As much as I love G.I. Joe toys and comics, I was a fan of the animation first. I went to school for animation, and teach it, and the Sunbow/Marvel G.I. Joe (along with Transformers) are my top shows. Vivid color, strong animation, smart writing, superb sound design, stellar music, and top-notch voice acting bring me back to these two series again and again. They’re charming. And their strengths are such that I can blissfully ignore their many flaws, like the ease with which a squad of Joes flies into space in F-14 jets, or return via parachute.
But Flint Dille and Stanley Ralph Ross’ “The Wrong Stuff,” for all its silliness, is one of the series’ best episodes. One day I’ll write a long post about it, but in a word, it’s funny. So let’s celebrate that fun with an original production cel and background of Wild Bill in full astronaut regalia. Click for larger: Continue reading
Here’s an unproduced Cobra I don’t know anything about. Continue reading
Yikes, has it been a month since my apology? Here’s another: Sorry! Movie review coming soon. Honest.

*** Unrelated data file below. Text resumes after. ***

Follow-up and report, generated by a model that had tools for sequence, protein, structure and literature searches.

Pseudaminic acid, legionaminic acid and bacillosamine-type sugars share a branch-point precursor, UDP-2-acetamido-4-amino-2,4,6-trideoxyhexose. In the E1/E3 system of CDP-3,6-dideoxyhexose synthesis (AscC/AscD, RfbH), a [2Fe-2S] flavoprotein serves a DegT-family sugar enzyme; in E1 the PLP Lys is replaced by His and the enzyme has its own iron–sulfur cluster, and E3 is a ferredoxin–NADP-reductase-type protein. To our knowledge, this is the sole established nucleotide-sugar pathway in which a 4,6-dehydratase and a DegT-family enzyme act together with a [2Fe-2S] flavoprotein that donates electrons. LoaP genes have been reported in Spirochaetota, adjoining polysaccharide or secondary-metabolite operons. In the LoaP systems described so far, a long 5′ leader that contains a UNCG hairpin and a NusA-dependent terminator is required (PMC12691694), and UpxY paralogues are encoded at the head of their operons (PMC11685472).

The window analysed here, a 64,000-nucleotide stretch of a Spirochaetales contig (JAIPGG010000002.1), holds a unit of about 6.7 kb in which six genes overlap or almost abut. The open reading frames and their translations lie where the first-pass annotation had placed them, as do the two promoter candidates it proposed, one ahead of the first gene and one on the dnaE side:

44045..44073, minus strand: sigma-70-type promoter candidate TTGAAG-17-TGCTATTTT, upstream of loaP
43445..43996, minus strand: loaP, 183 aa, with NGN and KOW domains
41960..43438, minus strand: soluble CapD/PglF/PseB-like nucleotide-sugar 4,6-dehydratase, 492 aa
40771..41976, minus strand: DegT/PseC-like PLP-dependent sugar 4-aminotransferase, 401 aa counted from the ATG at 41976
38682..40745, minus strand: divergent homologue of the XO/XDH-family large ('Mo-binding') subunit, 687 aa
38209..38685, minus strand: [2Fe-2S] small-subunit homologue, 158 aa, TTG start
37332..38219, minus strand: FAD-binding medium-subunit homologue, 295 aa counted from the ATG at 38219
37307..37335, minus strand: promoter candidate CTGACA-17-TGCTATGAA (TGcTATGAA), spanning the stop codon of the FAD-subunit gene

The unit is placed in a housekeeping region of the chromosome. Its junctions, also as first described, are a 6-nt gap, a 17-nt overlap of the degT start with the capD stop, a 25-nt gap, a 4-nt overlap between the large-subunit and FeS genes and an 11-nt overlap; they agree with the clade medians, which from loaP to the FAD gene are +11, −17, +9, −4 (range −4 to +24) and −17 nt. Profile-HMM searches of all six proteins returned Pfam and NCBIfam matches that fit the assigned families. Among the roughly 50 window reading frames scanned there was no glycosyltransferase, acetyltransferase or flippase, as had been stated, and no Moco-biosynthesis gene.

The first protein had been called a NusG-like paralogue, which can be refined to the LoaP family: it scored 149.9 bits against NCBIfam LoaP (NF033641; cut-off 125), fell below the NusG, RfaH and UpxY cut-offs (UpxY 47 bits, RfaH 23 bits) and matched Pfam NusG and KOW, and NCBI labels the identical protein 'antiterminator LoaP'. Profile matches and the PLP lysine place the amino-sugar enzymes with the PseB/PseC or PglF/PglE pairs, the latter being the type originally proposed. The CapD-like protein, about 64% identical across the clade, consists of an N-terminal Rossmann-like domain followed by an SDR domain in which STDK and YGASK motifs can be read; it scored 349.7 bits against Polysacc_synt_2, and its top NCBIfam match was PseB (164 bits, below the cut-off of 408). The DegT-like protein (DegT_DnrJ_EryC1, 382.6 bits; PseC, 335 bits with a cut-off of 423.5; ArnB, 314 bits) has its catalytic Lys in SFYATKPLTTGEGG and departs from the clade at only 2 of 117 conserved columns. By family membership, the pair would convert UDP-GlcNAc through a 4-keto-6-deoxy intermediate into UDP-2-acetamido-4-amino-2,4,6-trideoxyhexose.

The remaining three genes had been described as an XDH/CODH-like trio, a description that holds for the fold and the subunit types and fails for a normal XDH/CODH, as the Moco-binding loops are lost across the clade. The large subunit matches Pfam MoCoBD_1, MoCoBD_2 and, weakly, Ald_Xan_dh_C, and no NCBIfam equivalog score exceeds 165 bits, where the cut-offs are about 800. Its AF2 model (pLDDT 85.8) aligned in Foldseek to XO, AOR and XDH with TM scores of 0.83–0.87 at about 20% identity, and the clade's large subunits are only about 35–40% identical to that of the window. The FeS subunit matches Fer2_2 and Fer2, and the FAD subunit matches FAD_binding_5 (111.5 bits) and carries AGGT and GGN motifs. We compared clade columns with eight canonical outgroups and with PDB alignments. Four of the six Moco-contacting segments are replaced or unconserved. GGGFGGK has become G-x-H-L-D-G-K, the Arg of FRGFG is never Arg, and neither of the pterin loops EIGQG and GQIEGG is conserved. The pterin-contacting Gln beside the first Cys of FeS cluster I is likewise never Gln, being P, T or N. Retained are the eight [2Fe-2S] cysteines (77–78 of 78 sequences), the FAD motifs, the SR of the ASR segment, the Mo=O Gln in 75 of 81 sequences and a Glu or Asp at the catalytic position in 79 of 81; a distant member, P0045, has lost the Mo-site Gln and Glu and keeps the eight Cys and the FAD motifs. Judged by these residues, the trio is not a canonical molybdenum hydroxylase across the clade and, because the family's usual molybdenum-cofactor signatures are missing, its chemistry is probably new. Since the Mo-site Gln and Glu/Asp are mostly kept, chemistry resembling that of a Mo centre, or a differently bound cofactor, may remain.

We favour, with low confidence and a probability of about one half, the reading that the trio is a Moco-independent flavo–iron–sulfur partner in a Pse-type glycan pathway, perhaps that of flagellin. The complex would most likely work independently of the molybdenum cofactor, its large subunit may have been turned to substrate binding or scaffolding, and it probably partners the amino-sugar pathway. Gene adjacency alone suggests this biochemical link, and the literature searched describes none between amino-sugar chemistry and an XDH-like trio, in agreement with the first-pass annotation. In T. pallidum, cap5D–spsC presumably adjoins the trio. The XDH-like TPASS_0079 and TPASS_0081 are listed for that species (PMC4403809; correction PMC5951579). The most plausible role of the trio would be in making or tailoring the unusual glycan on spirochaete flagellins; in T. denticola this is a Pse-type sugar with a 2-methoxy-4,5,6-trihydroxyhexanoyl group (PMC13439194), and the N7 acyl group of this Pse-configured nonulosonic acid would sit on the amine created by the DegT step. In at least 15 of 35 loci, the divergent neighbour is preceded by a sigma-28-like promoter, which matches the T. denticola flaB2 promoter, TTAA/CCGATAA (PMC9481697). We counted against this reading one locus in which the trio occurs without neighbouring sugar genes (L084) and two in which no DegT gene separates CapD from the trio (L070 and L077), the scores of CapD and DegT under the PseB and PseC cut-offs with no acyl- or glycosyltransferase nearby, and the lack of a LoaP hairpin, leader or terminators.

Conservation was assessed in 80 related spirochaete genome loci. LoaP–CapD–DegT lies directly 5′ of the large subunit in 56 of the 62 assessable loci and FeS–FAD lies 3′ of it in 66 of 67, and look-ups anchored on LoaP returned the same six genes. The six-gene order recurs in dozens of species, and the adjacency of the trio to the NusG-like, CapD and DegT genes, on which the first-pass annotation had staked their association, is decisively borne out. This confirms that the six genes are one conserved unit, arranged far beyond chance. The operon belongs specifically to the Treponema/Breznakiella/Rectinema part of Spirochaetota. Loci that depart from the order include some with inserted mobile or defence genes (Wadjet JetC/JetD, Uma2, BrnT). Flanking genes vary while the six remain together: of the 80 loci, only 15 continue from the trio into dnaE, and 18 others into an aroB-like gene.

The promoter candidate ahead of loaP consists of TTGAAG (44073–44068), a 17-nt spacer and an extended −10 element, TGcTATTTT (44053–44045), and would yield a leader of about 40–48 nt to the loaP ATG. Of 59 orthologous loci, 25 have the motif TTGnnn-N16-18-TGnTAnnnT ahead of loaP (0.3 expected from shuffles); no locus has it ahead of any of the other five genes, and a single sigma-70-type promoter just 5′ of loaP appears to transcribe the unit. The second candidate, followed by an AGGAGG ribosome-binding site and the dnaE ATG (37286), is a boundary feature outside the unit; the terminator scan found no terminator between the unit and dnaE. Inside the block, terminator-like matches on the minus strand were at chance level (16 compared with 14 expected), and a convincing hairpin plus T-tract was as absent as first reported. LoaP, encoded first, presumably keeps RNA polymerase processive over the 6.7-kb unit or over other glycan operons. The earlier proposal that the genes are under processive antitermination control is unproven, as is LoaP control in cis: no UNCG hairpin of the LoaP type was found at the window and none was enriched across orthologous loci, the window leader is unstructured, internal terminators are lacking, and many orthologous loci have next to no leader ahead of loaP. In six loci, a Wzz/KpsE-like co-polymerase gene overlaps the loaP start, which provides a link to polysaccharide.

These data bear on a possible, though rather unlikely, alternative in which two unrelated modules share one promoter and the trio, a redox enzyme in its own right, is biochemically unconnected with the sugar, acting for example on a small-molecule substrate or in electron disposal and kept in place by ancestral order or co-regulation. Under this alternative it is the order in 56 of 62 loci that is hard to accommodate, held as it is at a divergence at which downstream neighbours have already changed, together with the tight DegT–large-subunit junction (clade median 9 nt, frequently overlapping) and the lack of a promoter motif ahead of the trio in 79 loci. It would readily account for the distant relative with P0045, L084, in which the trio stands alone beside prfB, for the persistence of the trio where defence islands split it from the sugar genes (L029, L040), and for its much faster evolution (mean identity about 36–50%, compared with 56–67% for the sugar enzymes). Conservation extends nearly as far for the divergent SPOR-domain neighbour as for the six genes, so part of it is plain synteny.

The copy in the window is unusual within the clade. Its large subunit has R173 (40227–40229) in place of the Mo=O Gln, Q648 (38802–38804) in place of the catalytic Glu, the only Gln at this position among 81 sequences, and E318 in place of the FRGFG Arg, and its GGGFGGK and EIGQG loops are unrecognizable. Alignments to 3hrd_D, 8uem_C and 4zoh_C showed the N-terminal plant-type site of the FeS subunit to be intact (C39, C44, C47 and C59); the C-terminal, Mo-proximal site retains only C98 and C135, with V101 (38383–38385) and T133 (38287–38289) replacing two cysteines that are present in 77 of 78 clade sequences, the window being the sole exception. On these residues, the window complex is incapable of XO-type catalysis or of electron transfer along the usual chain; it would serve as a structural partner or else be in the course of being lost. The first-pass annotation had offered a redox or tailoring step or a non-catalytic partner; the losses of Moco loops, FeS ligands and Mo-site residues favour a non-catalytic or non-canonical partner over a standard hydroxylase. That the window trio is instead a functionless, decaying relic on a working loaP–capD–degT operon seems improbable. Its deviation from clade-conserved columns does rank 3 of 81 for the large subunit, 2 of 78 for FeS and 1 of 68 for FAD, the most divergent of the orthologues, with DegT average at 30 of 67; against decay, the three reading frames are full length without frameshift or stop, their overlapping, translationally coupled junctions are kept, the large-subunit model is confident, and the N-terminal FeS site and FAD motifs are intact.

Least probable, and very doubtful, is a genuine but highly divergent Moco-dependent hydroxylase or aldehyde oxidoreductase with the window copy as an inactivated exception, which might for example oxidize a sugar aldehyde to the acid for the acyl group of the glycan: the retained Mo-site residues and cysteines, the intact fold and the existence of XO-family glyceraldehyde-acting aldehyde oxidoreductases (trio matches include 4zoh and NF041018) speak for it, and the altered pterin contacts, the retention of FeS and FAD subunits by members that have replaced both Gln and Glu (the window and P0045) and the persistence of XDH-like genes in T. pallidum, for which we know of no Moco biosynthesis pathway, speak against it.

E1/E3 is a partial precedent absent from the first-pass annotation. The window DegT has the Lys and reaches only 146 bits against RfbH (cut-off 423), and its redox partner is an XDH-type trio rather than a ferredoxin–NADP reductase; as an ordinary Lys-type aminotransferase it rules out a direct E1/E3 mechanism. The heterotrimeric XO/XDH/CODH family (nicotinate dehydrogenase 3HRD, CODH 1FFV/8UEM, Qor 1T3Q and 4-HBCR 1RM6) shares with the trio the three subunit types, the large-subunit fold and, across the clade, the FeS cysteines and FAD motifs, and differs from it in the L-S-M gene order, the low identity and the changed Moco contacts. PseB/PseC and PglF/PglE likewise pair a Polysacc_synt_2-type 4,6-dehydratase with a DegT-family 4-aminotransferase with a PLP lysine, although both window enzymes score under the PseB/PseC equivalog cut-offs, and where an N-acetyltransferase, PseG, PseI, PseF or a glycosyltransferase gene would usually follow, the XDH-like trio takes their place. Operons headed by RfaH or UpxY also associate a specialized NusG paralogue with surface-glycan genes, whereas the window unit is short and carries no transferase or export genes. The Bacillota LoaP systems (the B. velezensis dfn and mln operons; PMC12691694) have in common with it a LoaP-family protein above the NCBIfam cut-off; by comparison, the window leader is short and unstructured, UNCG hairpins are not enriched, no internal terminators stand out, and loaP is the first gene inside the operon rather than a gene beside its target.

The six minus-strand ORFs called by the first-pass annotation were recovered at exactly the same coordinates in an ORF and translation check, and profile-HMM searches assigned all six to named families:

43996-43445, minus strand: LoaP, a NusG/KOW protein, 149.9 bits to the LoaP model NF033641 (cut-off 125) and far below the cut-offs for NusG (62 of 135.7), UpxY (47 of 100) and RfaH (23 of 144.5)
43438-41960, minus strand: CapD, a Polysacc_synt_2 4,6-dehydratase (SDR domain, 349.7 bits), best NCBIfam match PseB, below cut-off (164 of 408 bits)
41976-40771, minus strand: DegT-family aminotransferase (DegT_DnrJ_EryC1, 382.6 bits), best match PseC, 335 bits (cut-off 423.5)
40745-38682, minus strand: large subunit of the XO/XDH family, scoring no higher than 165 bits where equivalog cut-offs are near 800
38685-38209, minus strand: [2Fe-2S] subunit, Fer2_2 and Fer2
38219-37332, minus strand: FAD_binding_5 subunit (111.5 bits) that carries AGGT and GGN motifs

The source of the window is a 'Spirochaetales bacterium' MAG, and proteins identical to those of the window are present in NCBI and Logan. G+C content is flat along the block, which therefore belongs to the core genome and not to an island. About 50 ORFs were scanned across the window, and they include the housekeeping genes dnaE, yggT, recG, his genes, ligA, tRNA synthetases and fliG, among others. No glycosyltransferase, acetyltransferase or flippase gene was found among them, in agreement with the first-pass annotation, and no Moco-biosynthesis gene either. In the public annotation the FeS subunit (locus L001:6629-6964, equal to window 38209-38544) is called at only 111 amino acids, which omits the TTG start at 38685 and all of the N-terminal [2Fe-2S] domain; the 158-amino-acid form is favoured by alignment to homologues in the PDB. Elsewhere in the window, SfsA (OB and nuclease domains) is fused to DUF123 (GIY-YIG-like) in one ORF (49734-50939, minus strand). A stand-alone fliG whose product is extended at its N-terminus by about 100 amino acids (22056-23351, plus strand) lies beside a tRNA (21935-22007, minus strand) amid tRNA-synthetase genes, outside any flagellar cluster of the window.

Dipping my toe back in the blog pool, here’s Blocker as a just-about final design, before he was “Blocker” (one of Hasbro’s least inspired codenames), when Battle Force 2000 was still “Future Force.” Continue reading
The truth is that having a blog is intimidating. I want to post every week, twice a week, three times even, but even the simple ones take time. And once I get out of the habit of posting regularly, it’s easy to stay out of the habit. But now I’m getting back in the habit, so upcoming you’ll get my “Retaliation” review (saw the film a second time last week, brought a flashlight and took notes), more glacially slow chapters in the saga of my college internship at Sunbow, and art art art.
I saw “G.I. Joe: Retaliation” last Friday. I’ll post a proper review soon after I collect some thoughts, but for now, I enjoyed it, and as many have said, it’s a big step up from the 2009 film.
My article for TheFw is up. Read it here!
As previously mentioned here, in the mid-’80s freelance artist Dave Dorman painted fully rendered presentation pieces of characters already sketched out by figure designer Ron Rudat. These were internal-only to Hasbro, and not intended as package art or for public consumption. Even at this stage, a Joe or Cobra could still get nixed. From 1986, here is an idea for a Dreadnok that didn’t make it further. Note the misspelled name. Continue reading